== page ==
It’s the modern way of enjoying a meal out. Perhaps not even a full meal, but a few small and perfect plates to graze on while sipping a glass of sherry, a full bodied red or a crisp white. Tapas is indeed more popular than ever outside Spain, its country of origin.
Tapas are rumoured to be the contemporary descendants of rounds of savoury-topped bread, that were used to cover glasses to keep dust and flies out of one’s chosen cold beverage. They have developed into the centrepieces of convivial gatherings.
Any book by Elisabeth Luard is bound to be worthwhile. She is rightly considered one of the best of the English-speaking world’s food writers. She has a lilting and almost musical way with words. She embroiders phrases that are almost poetic, often amusing and always apt.
Classic is a word that is oft used but in this case it’s an honest description of this collection of tapas. If you have enjoyed tapas in an authentic bar in Spain then you will find recipes for those familiar dishes here. Croquettes are ubiquitous simply because they are delicious, moreish and the ingredients are inexpensive. Shrimps are a smart filling and this recipe stretches the seafood to the extent that just 4 tablespoons will produce 20 or so croquettes, enough for a starter for four. The key to flavourful success is using a good, rich fish stock to make the basic sauce. The chicken version uses only 4 tablespoons of chicken meat and once again it’s important to use a strong chicken broth for best results. These are perhaps my favourite croquettes.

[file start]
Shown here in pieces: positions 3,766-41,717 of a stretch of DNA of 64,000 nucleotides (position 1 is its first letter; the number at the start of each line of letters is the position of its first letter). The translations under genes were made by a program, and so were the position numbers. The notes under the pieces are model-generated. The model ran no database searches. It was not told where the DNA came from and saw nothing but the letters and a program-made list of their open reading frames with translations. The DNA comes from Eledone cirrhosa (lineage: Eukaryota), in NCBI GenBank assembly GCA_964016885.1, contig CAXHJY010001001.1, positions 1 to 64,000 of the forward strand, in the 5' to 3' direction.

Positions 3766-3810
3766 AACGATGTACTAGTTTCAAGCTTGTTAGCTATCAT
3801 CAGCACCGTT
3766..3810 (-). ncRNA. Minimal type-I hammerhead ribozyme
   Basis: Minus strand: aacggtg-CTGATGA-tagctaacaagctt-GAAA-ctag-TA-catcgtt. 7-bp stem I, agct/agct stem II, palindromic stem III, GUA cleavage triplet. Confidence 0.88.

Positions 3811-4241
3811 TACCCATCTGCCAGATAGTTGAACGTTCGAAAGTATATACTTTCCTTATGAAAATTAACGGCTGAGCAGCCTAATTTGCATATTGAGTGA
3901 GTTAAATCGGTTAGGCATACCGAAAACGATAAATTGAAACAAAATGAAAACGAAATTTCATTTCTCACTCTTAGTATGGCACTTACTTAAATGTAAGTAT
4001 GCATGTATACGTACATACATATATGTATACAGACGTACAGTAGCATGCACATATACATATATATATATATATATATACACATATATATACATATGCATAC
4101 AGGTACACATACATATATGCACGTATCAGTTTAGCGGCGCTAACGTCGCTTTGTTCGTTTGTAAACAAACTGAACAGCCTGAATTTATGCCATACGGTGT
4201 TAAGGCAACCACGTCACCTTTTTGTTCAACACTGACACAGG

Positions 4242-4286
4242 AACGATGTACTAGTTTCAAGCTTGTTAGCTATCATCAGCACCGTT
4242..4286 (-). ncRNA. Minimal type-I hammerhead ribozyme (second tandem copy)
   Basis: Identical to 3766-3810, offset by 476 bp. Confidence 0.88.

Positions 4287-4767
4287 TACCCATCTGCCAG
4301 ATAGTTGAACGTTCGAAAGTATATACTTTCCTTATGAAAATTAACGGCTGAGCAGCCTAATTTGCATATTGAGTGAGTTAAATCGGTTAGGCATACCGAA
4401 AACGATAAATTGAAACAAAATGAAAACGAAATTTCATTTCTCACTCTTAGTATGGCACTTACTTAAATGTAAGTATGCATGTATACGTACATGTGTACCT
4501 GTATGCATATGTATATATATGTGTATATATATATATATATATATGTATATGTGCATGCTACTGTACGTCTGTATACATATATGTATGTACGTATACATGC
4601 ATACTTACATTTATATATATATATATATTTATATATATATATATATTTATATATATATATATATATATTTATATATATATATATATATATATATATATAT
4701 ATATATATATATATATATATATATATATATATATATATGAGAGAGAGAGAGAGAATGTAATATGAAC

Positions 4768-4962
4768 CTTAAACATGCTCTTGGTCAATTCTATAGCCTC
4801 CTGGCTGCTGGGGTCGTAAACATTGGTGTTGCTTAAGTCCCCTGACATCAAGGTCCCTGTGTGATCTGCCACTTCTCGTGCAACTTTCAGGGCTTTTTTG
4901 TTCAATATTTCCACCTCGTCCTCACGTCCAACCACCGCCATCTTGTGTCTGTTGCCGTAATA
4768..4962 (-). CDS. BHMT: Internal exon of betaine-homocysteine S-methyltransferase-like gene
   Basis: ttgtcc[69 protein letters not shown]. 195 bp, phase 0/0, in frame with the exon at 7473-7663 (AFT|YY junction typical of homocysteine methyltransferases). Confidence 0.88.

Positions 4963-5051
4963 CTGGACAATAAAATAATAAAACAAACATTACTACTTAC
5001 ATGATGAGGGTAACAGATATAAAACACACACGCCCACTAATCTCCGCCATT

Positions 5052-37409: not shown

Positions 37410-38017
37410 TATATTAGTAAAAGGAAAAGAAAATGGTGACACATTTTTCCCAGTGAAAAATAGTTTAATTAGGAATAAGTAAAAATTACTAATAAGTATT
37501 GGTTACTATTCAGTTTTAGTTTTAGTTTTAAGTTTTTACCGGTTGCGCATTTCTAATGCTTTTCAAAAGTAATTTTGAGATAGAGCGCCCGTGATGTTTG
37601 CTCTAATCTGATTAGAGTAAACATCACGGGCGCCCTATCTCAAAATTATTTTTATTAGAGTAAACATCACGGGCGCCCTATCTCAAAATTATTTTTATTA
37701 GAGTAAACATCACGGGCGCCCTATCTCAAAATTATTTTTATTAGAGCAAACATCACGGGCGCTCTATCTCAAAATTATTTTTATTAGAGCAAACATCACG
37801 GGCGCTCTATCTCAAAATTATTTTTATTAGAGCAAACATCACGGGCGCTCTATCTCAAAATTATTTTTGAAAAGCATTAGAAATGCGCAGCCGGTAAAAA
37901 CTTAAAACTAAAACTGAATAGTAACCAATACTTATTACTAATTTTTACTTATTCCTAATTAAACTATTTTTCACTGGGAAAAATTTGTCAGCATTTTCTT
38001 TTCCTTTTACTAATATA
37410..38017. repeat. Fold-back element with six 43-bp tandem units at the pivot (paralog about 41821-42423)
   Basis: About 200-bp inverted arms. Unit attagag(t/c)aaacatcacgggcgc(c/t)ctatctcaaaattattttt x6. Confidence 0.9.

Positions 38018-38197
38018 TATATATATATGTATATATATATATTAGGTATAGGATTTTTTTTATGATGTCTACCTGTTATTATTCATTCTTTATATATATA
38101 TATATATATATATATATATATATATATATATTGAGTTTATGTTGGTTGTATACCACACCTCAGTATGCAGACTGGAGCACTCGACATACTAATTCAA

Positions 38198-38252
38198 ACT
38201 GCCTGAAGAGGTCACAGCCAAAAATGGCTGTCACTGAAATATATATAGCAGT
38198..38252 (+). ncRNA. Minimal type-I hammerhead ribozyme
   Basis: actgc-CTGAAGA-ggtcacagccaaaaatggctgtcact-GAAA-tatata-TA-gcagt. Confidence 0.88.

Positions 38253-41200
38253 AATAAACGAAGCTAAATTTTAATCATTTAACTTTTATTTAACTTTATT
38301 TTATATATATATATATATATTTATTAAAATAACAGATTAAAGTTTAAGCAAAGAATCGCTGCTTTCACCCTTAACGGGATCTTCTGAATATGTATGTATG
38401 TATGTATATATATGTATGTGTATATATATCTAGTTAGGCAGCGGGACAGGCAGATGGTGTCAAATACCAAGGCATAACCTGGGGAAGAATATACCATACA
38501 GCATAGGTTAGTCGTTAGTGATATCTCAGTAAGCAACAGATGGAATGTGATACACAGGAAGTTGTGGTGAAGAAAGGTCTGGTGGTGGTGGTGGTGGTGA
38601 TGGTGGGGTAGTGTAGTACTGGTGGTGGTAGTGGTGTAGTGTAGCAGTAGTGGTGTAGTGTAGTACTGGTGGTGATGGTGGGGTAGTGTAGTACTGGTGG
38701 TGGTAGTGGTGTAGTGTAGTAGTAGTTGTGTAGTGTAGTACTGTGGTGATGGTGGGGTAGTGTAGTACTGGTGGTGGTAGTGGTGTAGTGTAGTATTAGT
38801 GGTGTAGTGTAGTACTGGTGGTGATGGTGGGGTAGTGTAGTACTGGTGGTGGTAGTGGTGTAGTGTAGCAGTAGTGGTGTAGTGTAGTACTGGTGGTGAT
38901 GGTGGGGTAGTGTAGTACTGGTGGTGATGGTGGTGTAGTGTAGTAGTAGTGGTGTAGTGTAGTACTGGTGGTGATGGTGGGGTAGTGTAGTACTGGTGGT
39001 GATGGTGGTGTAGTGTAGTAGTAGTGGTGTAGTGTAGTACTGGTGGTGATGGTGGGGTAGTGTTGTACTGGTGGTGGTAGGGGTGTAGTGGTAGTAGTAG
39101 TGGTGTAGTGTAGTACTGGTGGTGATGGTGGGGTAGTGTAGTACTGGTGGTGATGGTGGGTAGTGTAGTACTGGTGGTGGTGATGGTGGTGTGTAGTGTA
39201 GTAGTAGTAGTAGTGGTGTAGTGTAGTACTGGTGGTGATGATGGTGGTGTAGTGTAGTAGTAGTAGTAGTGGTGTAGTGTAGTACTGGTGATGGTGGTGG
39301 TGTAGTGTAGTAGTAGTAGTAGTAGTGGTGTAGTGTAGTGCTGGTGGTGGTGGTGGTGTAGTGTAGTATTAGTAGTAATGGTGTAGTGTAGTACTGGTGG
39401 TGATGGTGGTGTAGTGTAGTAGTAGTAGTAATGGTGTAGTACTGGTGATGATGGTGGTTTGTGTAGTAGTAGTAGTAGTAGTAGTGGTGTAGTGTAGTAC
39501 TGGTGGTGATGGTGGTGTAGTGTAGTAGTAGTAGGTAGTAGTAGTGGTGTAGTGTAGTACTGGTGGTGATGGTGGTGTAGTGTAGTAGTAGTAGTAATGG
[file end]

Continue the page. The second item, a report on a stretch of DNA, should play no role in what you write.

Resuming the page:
Small pasties are popular all over South America and Spain. Each country or region has its own filling and each one reflects the best of local ingredients. There are a variety of pastry options ranging from ready-made pastry to a rich oil pastry reminiscent of that used in British pork pies. Many of these Empanadas contain meat and spices, others have tuna or vegetables. They are ideal finger-food for drinks parties or as starters.
Salt cod is something of an acquired taste but Bunuelos de Bacalao are popular on traditional tapas menus. I personally adore that creamy, salty, fishy potato mash inside a crispy fried shell. They take a little time to prepare because the dried fish needs soaking in several changes of water, but the end result is worth the effort.
The ubiquitous tapa, and a favourite with even the fussiest of eaters, is Spanish omelette. It has few ingredients and it’s a simple dish to cook. There is a knack to turning the tortilla and this might fill the novice cook with fear, but persist and you will have a potato cake of which to be proud. Serve cut into substantial wedges along with a few of the other suggestions from this delightful book.
Tapas – Classic small dishes from Spain
Author: Elisabeth Luard
Published by: Grub Street
Cookbook review by Chrissie Walker © 2018